HGV Driver Killed At Waste Site

A HGV driver was killed at a waste site in Cambridgeshire after the driver of a loading shovel reversed into him.

Mark Nyland, 34, was hit by the tracked loader as he was closing the doors at the rear of his HGV at the Milton Landfill Site, on 5 January 2012.
The loader driver, Kenneth Miller, was sentenced at Cambridge Magistrates’ Court on 8 August after an HSE investigation into the incident.
The court heard that Mr Miller, who was an employee of Waste Recycling Group Ltd (WRG Ltd) at the time of the incident, had been helping Mr Nyland to dump the waste from his trailer. Mr Miller towed the trailer to a ‘safe area’ so that Mr Nyland could sweep out the back and tail-bar area of his HGV.
Mr Miller returned to the loading shovel to level off the ruts in the ground, using the bucket of the loader in a series of forwards and backwards movements. As he reversed at an angle, the vehicle hit Mr Nyland and crushed him against the back of the trailer, causing fatal injuries.
The HSE conducted a thorough investigation into Mr Nyland’s death and found no breaches of health and safety law that could justify prosecuting the site operator (WRG Ltd). However, the regulator found that Mr Miller, a plant operator at the site, hadn’t taken reasonable care while operating the vehicle involved in the accident.
Kenneth George Miller, of Linton, Cambridgeshire, was sentenced to a 24-week prison sentence suspended for two years, and was ordered to pay a contribution towards costs of £600 after admitting a breach of section 7 of the HSWA 1974. He will also be tagged with a domestic curfew between 10pm and 6am for three months.
Speaking after the hearing, HSE inspector Roxanne Barker said: “The HSE took the rather unusual decision in this case to prosecute an individual rather than a company because it was clear that Kenneth Miller had totally failed to take the care that was necessary when operating a large vehicle on a busy waste site.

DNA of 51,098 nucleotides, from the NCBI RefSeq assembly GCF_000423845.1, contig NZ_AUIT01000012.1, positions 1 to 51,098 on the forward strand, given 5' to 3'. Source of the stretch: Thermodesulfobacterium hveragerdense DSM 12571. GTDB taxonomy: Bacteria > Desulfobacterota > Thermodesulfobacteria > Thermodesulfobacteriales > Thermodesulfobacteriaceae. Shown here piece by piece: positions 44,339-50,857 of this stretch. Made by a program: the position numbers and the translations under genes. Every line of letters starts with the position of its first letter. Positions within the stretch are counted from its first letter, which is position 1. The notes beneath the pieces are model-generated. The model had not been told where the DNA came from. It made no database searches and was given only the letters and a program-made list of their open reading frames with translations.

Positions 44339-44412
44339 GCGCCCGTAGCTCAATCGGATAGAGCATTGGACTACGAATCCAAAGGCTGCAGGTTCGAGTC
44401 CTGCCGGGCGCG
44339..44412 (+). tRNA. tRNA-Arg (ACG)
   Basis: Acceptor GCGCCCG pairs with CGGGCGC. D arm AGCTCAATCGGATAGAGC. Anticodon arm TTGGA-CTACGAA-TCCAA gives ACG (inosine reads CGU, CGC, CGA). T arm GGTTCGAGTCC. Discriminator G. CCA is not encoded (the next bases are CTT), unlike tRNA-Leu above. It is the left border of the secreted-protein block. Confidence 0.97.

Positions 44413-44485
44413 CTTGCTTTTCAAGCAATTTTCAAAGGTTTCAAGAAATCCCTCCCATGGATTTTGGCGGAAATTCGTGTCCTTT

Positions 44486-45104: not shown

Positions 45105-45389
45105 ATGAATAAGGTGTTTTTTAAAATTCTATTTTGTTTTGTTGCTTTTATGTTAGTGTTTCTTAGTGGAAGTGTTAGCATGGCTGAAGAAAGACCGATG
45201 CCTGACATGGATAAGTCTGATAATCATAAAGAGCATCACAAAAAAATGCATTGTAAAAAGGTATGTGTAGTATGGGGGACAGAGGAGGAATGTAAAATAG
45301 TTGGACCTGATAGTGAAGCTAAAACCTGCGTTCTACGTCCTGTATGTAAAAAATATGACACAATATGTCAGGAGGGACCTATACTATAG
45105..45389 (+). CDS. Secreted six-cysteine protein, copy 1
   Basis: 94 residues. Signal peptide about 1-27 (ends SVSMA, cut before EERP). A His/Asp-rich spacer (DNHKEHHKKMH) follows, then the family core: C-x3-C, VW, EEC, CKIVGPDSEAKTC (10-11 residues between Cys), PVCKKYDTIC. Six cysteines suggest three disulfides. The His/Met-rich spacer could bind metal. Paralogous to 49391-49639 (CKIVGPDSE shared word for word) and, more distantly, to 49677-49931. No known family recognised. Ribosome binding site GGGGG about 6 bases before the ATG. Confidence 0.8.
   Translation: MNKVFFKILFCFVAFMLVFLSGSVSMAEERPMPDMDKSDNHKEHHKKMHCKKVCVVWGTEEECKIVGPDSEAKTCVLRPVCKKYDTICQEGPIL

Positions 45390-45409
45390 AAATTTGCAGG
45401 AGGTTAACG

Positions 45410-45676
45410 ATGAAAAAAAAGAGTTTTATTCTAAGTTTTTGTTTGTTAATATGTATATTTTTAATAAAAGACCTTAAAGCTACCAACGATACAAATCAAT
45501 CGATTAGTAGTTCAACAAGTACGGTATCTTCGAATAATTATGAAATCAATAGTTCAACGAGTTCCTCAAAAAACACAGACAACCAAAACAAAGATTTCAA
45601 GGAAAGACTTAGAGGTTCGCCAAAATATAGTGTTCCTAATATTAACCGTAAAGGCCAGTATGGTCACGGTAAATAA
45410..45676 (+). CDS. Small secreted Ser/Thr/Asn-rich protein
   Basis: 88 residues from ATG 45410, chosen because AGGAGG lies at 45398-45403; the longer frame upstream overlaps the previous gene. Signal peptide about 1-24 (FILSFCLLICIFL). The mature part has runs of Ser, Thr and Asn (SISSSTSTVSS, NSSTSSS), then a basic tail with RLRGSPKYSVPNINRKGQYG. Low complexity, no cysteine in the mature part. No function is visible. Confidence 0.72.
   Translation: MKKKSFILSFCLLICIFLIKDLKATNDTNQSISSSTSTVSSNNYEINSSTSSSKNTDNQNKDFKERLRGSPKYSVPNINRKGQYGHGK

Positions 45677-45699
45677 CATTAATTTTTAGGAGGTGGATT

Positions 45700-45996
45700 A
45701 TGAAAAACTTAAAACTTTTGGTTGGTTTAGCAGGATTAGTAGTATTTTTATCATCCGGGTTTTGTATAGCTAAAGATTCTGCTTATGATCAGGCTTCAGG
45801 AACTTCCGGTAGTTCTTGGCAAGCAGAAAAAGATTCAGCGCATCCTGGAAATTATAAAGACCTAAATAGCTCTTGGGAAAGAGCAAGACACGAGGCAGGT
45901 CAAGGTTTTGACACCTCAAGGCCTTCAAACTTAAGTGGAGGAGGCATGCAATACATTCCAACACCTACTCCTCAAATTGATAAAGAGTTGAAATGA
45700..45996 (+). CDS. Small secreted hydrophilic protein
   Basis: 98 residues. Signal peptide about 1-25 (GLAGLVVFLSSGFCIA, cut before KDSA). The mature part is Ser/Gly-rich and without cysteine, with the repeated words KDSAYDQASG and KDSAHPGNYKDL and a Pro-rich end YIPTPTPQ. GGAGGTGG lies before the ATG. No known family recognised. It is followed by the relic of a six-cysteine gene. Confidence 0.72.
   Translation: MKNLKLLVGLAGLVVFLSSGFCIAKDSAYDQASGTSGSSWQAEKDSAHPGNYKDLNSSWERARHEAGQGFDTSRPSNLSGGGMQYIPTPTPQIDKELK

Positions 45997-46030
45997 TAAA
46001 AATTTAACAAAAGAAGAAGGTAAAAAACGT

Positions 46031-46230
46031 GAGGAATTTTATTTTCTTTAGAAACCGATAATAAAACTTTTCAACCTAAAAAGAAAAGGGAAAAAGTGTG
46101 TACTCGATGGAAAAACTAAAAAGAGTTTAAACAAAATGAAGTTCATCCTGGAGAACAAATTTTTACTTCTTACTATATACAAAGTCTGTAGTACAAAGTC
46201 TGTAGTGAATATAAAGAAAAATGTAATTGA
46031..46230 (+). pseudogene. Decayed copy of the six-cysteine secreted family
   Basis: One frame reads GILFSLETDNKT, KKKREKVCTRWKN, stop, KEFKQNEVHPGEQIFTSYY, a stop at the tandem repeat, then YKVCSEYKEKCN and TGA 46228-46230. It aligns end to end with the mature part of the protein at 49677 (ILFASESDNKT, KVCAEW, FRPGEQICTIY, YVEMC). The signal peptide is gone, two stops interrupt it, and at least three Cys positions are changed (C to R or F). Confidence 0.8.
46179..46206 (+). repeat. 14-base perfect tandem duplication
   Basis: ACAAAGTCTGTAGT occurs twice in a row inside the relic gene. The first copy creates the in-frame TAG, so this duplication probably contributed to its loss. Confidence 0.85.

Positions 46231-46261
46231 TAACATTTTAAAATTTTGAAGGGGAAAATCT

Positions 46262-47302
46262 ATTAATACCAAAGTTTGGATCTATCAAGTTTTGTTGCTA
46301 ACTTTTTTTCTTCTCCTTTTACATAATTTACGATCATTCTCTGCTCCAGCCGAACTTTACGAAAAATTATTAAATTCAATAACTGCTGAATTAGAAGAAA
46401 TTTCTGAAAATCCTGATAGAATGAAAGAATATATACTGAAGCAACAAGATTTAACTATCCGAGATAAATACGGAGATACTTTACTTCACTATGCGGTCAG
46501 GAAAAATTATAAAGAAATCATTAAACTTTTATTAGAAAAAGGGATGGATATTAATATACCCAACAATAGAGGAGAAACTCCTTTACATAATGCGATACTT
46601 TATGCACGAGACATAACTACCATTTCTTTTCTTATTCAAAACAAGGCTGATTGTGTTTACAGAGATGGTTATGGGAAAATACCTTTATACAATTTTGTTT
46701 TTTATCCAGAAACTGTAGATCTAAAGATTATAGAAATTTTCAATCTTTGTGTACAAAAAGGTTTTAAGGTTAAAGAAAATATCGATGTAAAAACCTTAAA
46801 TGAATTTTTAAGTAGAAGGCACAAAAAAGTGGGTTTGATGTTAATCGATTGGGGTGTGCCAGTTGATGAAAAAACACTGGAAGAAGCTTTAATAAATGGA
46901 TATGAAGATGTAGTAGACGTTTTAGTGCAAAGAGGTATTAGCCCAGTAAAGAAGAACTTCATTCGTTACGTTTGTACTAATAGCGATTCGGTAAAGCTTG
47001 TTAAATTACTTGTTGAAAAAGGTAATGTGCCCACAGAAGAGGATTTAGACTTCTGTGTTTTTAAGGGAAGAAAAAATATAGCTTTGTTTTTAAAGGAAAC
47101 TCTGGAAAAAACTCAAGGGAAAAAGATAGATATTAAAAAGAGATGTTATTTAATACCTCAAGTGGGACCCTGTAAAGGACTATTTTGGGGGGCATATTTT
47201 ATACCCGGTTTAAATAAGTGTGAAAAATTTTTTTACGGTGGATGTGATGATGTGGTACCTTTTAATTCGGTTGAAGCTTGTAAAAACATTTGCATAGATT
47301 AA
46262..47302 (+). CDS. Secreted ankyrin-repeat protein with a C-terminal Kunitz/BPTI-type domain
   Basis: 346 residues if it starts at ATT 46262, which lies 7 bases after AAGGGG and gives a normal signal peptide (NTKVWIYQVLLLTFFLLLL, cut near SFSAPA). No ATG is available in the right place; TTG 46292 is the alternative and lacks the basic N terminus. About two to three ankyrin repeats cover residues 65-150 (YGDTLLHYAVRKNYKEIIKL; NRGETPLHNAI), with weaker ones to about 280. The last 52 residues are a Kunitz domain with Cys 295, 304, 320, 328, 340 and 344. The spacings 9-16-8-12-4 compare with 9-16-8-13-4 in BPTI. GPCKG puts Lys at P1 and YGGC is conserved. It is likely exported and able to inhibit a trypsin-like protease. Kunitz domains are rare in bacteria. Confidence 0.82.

“Reversing vehicles have been the cause of many fatalities in the workplace over the years and the risks are well known in industry, and obviously companies have a duty to assess risks and implement safety precautions for their sites. But, equally, employees have a duty to take reasonable care for the safety of others, particularly when they are operating dangerous machinery.”
Mr Miller pleaded guilty, fully cooperated with the investigation and offered an apology to the family in court.

 

About Jan Cruise

Jan has a particular interest in litigation and has been involved in dispute management for over 25 years. Although mediation has its place, it is sometimes necessary to take strong and decisive action to protect Clients, which may involve Court action and enforcement.Jan's other interests and areas of practice are; Fleet and Transportation Law, Motoring Offences and Personal Injury. Having been in the law for over 25 years, there is not much that hasn't crossed her path from minor to complex cases.Jan says 'there is still the thrill of getting a great result for a Client.' She still finds law as interesting today as she did when she started, over 25 years ago.